Lamb and Rich
Hugh Lamb (ca. 1850-1903) and Charles Alonzo Rich (ca. 1850-1943) were partners in the New York City architecture firm of Lamb & Rich, which operated from 1880 to 1899.The firm was preceded by the firm of Lamb & Wheeler (1877–1881) and succeeded by the firms of Charles A. Rich, Architect (1899–1916), Rich & Mathesius (1916–1928), and Rich, Mathesius & Koyl (1928–1932).
Both were born about 1850. Lamb was a native of Scotland; Rich was born in Beverly, Mass., and attended Dartmouth College. Not much is known of their training, but various sources indicate that Lamb generally handled the firm's business side and Rich was the designer. Most of the firm's projects were located within commuting distance of Manhattan, with a cluster in New Hampshire, especially at Dartmouth College. Art historian Vincent J. Scully Jr. noted the vitality of their designs in his 1971 book, The Shingle Style and the Stick Style: Architectural Theory and Design From Richardson to the Origins of Wright (Yale University Press, 1971).
One of their earliest commissions was Henderson Place, a tight-knit group of two dozen houses built in 1882 and located at 86th Street and East End Avenue in Manhattan. They also designed:
- Sagamore Hill (20 Sagamore Hill Road, Oyster Bay, New York. Completed 1887. Theodore Roosevelt's country house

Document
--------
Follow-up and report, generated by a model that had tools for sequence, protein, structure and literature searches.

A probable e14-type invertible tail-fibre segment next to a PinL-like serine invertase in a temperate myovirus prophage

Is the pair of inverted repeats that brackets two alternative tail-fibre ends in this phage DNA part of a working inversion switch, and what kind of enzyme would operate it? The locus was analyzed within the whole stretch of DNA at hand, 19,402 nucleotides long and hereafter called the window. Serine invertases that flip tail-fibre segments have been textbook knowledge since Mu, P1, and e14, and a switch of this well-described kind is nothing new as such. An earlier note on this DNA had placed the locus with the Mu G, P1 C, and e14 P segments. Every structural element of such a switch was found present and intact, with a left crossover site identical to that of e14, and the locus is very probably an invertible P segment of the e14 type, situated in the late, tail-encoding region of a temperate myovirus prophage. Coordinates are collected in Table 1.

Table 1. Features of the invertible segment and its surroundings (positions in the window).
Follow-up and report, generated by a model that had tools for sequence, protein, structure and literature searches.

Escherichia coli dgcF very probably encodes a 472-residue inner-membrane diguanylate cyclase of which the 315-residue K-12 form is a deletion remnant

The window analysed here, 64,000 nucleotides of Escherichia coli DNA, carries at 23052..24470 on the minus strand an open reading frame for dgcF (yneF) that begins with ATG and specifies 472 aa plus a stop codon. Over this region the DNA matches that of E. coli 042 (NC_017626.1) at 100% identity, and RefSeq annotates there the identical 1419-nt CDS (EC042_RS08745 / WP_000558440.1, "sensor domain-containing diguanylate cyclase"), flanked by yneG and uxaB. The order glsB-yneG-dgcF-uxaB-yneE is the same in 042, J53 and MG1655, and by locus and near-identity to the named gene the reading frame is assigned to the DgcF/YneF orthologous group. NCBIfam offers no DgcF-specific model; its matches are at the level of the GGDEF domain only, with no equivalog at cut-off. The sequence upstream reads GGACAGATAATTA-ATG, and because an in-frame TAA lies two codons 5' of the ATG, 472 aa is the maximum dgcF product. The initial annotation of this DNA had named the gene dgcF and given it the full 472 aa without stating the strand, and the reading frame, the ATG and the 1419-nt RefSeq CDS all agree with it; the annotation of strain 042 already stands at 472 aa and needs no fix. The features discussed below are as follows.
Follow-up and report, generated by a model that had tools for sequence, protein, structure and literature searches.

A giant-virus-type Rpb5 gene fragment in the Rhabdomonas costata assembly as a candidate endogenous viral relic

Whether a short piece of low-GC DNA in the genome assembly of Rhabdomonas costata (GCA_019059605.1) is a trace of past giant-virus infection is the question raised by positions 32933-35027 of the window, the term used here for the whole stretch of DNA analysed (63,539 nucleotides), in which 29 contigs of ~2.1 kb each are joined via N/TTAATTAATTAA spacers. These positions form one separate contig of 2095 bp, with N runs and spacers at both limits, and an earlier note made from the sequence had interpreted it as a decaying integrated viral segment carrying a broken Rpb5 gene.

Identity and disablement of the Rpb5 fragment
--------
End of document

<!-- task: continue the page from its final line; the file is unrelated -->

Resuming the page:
- Mount Morris Bank Building, E. 125th St. & Park Ave., New York, NY (1883) - Mostly demolished and reconstructed
- Main Building at Pratt Institute in Brooklyn (1887). Victorian Renaissance revival style
- Astral Apartments (commissioned by Charles Pratt-built 1885/86) at 184 Franklin St. in Greenpoint, Brooklyn (national register #82001178). Queen Anne style
- Frank Babbott house at 153 Lincoln Place in Park Slope, Brooklyn
- Milbank Hall, Barnard College, New York, NY (1896–98)
- John M. Greene Hall at Smith College in Northampton, Massachusetts
- "Copshaholm," James Oliver's house in South Bend, Indiana.
- Germania Fire Insurance Co. Building, 62 William St., New York, NY (1891)
- Claremont Town Hall, 58 Opera House Sq., Claremont, NH (1895–97) - The City Hall since 1947.
- Engineering Record (6 June 1891):17.
- Bryant F. Tolles, Jr., New Hampshire Architecture: An Illustrated Guide (1979):169
- Scott Meacham, Lamb & Rich, Architects, and Related Firms: Buildings and Projects, 1877-1932 (2013) Dartmo.com website
- "Lamb and Rich" New York Architecture website
- Media related to Lamb & Rich at Wikimedia Commons